WILLIAMS BAY — Supporters of lake environmental protection are getting behind the latest strategy for combating a new invasive plant species in Geneva Lake.
The Geneva Lake Environmental Agency has raised about $50,000 in private donations for its battle against starry stonewort, an unwanted invader threatening to disrupt the lake.
But because the agency has changed up its battle plan against starry stonewort, officials are offering to refund contributions ranging from $10 to more than $1,000.
Jennifer Alter of Fontana is among those redoubling their commitment to help the nonprofit environmental agency prevent the invasive plant from damaging Geneva Lake’s recreational quality.
“We want to keep it clean,” she said. “If they’re going to use it to keep up the lake, I definitely don’t want my money back.”
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Alter donated $100 earlier this year when she heard that a Go Fund Me Page had been created to assist the Geneva Lake Environmental Agency’s efforts against starry stonewort.
Since that time, however, the agency has switched its strategy from dredging the lake bottom to applying chemical treatments and trying other approaches.
Board members of the Williams Bay-based environmental group have decided to close down the Go Fund Me page and to check with donors on whether they still want to contribute.
Ted Peters, director of the agency, said some people might feel uncomfortable with funding chemical treatments in the lake, even though that could help to control starry stonewort.
Peters speculated that most donors would agree to support the lake protection strategy.
“I don’t see a lot of people asking for their money back,” he said.
The organization has raised about $10,000 through the Go Fund Me page and another $40,000 in private donations elsewhere.
Starry stonewort, an aggressive algae that had never been found before in Walworth County, was detected in 2018 in an isolated lagoon on Geneva Lake in the town of Linn.
If left unchecked, the plant can grow into thick bushes that spread and disrupt boating, fishing and other activities on a lake. Experts have reported that traditional chemical treatments have never succeeded in fully eradicating an outbreak of starry stonewort.
The Geneva Lake Environmental Agency originally planned to dredge the lagoon in hopes of uprooting starry stonewort and removing it before it could spread. The Go Fund Me page was launched in February when dredging costs were projected at $150,000.
Officials hoped for state funding, too, as part of a plan to dredge the lagoon before summer boating season heightened risks that starry stonewort would spread to other areas of the lake.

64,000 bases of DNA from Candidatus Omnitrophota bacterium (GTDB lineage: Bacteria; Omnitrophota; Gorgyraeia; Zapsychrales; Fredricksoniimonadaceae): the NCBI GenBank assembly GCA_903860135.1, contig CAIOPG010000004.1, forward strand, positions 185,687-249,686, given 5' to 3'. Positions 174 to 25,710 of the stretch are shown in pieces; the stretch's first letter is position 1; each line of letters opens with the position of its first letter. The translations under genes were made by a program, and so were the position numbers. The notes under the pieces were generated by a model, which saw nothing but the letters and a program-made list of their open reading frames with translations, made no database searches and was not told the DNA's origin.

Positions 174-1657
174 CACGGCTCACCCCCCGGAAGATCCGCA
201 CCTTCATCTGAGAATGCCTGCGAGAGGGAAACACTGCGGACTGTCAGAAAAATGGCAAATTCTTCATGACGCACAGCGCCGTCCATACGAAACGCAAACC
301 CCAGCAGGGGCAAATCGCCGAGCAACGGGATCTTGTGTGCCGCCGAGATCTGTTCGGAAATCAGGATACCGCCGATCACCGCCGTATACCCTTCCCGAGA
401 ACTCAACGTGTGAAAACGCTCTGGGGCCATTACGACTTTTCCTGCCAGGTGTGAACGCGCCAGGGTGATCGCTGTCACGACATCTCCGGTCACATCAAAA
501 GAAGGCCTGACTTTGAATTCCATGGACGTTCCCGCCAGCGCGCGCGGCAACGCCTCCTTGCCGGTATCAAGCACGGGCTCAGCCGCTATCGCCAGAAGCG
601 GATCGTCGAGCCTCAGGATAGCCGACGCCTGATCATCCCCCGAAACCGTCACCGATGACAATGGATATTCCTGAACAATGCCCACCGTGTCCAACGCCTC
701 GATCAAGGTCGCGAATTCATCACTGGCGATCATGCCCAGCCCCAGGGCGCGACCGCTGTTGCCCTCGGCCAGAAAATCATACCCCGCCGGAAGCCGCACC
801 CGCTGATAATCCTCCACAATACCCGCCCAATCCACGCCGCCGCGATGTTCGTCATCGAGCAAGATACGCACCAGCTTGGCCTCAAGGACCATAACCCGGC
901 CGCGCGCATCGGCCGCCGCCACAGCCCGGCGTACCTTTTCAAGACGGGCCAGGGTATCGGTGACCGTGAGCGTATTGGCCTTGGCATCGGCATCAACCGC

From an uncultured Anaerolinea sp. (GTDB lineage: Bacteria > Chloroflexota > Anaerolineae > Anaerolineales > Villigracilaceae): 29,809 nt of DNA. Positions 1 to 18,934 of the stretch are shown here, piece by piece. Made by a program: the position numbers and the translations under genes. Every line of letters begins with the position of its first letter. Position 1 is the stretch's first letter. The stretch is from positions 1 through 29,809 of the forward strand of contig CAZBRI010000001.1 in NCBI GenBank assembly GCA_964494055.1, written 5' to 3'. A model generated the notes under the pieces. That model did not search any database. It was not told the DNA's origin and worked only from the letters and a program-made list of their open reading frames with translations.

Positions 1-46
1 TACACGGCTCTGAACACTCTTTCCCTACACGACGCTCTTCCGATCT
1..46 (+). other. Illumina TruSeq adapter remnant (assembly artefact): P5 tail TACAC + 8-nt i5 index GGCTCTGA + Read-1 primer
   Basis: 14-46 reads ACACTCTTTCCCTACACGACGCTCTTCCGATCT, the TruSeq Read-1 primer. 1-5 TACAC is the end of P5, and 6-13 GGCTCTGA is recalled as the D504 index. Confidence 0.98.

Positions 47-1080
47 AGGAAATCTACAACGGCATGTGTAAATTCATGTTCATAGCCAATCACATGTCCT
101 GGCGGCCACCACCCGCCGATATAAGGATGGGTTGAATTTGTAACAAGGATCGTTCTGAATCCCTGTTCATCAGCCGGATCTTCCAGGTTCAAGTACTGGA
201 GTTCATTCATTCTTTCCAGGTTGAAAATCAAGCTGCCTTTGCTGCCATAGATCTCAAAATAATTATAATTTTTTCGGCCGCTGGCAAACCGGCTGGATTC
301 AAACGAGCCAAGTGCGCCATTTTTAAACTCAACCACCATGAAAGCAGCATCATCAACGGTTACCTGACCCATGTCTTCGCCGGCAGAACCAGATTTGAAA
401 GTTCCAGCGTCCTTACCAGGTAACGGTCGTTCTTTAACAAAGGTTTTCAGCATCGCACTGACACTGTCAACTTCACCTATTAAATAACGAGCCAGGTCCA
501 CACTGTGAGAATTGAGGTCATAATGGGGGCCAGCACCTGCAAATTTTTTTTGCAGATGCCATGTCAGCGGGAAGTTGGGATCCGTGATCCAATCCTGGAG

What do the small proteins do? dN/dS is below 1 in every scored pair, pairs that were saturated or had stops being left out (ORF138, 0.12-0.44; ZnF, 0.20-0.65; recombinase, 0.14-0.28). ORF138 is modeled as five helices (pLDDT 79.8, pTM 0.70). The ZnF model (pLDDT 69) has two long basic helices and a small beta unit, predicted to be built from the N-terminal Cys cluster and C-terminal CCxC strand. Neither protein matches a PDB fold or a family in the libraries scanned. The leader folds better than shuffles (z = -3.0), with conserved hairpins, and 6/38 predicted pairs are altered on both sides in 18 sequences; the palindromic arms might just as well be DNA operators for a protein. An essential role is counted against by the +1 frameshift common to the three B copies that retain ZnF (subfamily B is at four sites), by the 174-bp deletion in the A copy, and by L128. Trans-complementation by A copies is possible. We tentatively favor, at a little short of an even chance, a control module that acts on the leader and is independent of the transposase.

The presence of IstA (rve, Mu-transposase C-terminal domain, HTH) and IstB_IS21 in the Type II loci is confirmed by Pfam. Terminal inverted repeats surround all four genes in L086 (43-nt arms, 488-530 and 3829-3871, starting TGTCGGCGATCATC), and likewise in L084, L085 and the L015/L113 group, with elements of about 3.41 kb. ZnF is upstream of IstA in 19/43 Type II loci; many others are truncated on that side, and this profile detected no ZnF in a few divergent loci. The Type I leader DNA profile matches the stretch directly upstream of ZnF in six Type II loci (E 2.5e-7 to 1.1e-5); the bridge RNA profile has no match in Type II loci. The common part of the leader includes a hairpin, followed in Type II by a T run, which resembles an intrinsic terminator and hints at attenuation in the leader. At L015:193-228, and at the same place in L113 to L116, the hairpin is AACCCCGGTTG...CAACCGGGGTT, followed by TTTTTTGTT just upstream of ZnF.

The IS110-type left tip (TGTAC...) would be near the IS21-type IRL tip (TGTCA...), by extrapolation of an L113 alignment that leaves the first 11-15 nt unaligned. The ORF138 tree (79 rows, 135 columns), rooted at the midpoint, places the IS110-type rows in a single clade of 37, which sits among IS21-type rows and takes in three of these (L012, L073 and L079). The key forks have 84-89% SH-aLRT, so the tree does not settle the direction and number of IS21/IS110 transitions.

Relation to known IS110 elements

But when costs climbed to $800,000, the dredging effort was put on hold. Then, in August, officials reported that starry stonewort had been detected in two other areas of the lake, which meant that dredging the lagoon no longer was a plausible solution.
Mark Immer of Lake Geneva, who donated $200 to the Go Fund Me page, said he is happy to see his donation support other efforts to battle the invasive plant species.
Immer, however, said he wishes state or federal environmental agencies had engaged in helping contain Geneva Lake’s problem before it spread.
“They had a chance to do something about it,” he said. “It’s gotten way out of hand.”
The Geneva Lake Environmental Agency applied chemical treatments this summer in an effort to control the spread of the plant. Officials plan more treatments next spring, as well as sending divers down to try ripping the unwanted plant out of the lake bed by hand.
Peters said state funding still will be requested to help educate boaters about keeping their craft clean so that invasive species are not spread by becoming attached to moving boats.
Peters said if contributors approve, the private donations will be redirected to other such efforts.
“Since we are not going to dredge,” he said, “we need to come up with a fair use of those funds.”
The environmental agency’s board agreed Oct. 24 to shut down the Go Fund Me page and to reach out to donors asking if they want their contributions redirected to the new starry stonewort strategy.
LaMarr “Sparky” Lundberg, chairman of the organization’s board, said he understands that some people, himself included, are uncomfortable using chemicals in the lake.
Lunderg, however, said everyone wants to see the lake stay clean and healthy. He doubts that many contributors will hesitate at seeing their money put to good use.
“The donors are the ones who are interested in the lake,” he said. “And they’re the ones who support it.”